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Automatic spending cuts threaten college financial aid

Federal Financial Aid to be cut 8.4% starting March 1
By Masao Suzuki |
February 6, 2013
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San José, CA - On March 1, the automatic spending cuts demanded by the 2011 Budget Control Act are scheduled to go into effect. These cuts were originally scheduled to go into effect Jan. 2, but were delayed as part of the solution to the so-called ‘fiscal cliff.’ Included in the spending cuts is an 8.4% reduction in federal financial aid. While the large Pell Grant program is exempted, other federal financial aid, including the Stafford Loans, Work-Study, Perkins Loans and others would be all reduced by 8.4%. This would lead to less aid to students receiving financial aid, and some would be cut off entirely.

Over the years, the costs of college, in particular tuition and books and supplies, have soared in price, rising much faster than the general rate of inflation. For example in 2012, the overall Consumer Price Index, or CPI, rose 1.7%, while college tuition went up 4.0% on average and the prices of college textbooks rose almost five times as much as the general rate of inflation, or 7.9%. With financial aid lagging behind, more and more students have had to borrow more and more. Today, total student loan balances come to about $1 trillion, more than total credit card debt and more than total auto loans.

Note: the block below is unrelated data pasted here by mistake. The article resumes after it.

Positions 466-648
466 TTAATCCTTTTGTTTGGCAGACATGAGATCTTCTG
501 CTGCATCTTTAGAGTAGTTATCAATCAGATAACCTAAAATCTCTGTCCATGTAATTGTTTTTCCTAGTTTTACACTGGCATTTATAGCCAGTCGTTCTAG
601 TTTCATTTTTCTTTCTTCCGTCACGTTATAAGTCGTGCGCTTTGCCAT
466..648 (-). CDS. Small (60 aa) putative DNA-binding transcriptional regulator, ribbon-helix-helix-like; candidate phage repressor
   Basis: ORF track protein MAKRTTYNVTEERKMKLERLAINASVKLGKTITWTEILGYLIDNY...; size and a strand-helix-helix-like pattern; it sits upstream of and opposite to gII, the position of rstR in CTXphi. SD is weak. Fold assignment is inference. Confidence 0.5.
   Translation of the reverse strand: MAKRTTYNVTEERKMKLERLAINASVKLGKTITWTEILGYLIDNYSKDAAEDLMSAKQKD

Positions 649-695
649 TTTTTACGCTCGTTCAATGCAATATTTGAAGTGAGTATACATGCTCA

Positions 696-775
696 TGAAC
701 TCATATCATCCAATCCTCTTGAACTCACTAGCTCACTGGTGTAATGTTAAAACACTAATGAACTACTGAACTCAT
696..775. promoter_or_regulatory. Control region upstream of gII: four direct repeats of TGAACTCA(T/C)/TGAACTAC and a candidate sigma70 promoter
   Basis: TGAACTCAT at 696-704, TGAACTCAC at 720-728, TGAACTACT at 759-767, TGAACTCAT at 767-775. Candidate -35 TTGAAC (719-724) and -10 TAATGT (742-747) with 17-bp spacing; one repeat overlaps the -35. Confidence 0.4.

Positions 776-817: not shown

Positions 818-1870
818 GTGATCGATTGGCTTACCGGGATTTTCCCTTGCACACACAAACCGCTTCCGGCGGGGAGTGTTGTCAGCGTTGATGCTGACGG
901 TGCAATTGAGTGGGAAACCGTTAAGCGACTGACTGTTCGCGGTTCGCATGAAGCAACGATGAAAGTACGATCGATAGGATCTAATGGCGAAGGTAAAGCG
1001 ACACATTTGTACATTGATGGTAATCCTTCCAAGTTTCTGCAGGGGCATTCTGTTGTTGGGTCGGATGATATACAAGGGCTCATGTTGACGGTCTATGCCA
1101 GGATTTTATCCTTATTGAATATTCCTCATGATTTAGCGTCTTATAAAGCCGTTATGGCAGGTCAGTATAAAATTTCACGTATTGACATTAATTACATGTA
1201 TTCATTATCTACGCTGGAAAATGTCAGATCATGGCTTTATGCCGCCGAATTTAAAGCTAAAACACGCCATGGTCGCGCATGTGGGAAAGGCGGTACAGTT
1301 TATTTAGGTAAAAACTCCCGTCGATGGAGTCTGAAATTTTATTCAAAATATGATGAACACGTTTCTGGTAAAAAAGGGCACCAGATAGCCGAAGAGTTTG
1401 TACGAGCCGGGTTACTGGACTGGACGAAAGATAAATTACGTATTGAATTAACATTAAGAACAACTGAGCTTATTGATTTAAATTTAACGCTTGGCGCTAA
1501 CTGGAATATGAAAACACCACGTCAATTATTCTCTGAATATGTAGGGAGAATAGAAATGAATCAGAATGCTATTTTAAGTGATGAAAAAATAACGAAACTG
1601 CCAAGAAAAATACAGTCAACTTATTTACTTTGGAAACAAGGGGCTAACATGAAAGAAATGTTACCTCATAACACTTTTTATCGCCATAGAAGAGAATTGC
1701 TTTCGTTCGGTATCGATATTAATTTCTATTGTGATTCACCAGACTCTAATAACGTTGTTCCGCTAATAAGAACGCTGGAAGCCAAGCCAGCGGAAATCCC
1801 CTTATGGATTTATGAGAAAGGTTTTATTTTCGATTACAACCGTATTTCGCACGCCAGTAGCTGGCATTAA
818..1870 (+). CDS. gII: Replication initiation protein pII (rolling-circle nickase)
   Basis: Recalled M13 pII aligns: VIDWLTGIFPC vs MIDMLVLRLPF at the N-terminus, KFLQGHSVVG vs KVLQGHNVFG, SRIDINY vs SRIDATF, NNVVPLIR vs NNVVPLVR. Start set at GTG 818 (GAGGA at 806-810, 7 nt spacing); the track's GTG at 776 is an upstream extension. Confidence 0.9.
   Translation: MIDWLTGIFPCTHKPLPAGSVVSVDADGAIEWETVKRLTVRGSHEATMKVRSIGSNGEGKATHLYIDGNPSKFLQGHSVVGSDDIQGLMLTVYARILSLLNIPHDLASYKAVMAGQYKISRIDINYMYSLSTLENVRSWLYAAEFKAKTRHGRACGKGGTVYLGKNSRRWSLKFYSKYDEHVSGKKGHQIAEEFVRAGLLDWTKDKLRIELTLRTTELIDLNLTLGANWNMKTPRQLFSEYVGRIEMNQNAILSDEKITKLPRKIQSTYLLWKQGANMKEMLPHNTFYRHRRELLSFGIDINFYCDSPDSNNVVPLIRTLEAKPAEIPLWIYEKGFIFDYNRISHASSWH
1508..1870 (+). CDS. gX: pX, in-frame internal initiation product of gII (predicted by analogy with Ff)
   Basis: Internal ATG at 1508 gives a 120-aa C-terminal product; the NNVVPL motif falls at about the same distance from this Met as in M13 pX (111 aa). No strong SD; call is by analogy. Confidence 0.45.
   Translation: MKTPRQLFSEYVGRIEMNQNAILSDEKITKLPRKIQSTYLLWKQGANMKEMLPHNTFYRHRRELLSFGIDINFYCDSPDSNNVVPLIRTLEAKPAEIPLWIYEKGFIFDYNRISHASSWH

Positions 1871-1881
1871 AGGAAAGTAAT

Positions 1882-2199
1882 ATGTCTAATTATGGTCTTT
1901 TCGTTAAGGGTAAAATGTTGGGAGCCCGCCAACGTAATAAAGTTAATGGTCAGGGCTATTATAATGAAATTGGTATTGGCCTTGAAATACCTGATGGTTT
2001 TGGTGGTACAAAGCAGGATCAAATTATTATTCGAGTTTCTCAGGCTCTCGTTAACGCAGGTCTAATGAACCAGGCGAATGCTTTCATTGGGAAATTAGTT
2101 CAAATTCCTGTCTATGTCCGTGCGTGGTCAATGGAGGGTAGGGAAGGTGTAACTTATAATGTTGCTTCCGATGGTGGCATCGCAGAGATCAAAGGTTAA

While it is possible that the automatic spending cuts will be put off again, it is also possible that a new budget cutting agreement might cut federal financial aid more by including cuts in the Pell Grant program, which provides an average of $3000 in aid to almost 9.5 million students. College students are facing not only a lack of financial aid, but also a lack of jobs. A recent survey showed that about half of all recent college graduates are either unemployed, or working jobs that don’t need a college degree. The recent increase in the payroll tax combined with these automatic spending cuts will further reduce the number of jobs this year.

While politicians of both parties talk about the importance of education, they dance to the tune of big businesses, who are calling for austerity (tax increases and spending cuts). During the debate leading up to the 2011 Budget Control Act, over 100 business groups, including the U.S. Chamber of Commerce, the Business Roundtable, and the National Association of Manufacturers called on congress to come up with more than $4 trillion in deficit reduction, or more than three times the $1.2 trillion in the cuts in Budget Control Act.

 

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